The Madoff Trustee Makes the Case; the Justice Department Collects the Money

By Pam Martens: January 8, 2014

A sense of déjà vu overwhelmed me yesterday reading the U.S. Justice Department’s settlement documents with JPMorgan in the Madoff case. I knew I had read most of this before. As it turns out, Irving Picard, the trustee for victims of the Madoff fraud had exquisitely presented all of this evidence in an amended complaint that he filed in court on June 24, 2011 – two and one-half years ago.

There is one huge difference between what Picard entered into the public court record and what the U.S. Attorney for the Southern District of New York, Preet Bharara, entered into the public record yesterday: Picard named names – at JPMorgan and at the feeder funds that blindly shoveled billions to Madoff. All of that explosive naming detail is missing in Bharara’s neat settlement, suggesting that is how the U.S. Attorney’s office wrung such an expensive settlement out of JPMorgan in exchange for no prosecutions of individuals and a deferred prosecution agreement against JPMorgan itself.

JPMorgan will pay $1.7 billion to the U.S. Justice Department to compensate victims of the fraud. It will pay another $543 million to Picard’s trustee fund to compensate victims; and it will pay a $350 million fine to the regulator of national banks, the Office of the Comptroller of the Currency.

We’ve been researching and writing on the Madoff fraud since the news first broke in December 2008. Below we present some of the critical pieces of the puzzle explaining how Madoff perpetrated the scheme for so long with the willful blindness of so many.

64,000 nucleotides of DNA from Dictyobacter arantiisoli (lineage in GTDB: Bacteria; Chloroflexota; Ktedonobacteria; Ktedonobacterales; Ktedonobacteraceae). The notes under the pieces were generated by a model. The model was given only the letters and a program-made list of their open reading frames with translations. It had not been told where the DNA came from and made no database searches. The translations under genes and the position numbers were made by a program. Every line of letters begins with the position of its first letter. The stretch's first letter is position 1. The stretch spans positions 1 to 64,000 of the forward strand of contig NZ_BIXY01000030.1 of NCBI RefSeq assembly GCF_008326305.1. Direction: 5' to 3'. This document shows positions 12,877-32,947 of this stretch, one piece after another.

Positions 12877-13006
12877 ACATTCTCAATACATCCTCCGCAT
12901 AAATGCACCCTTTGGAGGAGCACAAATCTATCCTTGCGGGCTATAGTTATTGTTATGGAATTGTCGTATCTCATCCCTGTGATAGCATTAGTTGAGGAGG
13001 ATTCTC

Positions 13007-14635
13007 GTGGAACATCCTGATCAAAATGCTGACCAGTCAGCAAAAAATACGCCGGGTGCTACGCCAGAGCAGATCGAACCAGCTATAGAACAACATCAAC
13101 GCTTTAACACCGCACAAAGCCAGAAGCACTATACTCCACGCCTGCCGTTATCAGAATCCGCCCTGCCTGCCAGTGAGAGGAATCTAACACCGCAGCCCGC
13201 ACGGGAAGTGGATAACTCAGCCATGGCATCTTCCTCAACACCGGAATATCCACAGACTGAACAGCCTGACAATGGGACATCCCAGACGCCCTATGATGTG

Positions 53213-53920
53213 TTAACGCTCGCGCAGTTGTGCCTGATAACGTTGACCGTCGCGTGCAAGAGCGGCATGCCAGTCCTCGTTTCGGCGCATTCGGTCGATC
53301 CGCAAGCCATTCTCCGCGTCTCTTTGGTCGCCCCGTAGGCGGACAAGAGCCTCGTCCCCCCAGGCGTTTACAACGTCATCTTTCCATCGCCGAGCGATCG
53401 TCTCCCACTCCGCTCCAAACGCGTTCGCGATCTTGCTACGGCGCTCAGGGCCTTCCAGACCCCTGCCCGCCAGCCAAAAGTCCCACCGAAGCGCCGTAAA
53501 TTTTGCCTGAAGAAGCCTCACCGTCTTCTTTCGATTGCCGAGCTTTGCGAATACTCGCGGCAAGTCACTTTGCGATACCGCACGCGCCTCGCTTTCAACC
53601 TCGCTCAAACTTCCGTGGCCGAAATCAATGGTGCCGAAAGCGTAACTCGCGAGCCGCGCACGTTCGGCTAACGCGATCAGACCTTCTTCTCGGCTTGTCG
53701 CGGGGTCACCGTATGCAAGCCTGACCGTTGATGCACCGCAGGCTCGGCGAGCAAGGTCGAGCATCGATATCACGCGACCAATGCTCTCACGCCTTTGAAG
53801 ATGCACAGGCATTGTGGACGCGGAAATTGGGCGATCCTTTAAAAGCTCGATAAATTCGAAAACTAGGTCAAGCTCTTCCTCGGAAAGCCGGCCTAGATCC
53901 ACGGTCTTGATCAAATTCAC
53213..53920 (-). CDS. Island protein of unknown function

Why Did the Justice Department Kill the Madoff Subpoena Against JPMorgan?

By Pam Martens: December 31, 2013 — Since December 16, major business media have failed to dig deeper into a potentially blockbuster story involving the Justice Department’s refusal to honor a Wall Street regulator’s request for a subpoena against JPMorgan Chase to obtain Madoff related documents the firm was refusing to turn over. JPMorgan Chase was Madoff’s banker for the last 22 years of his fraud. The Trustee in charge of recovering funds for Madoff’s victims, … Continue reading  

JPMorgan May Face Criminal Charges for Blowing the Whistle on Madoff – To the Wrong Country

By Pam Martens: December 12, 2013 — This month marks the fifth anniversary of Bernard Madoff shocking the world by confessing to running a Ponzi scheme that was eventually tallied up to represent $17 billion in actual losses and $65 billion in paper losses – fictitious amounts shown on customer statements. It may also mark another ignoble first – the first time a Wall Street bank is criminally charged by the U.S. Department of Justice. The …Continue reading  

Wall Street’s Biggest Banks Had a Trading Scheme With Madoff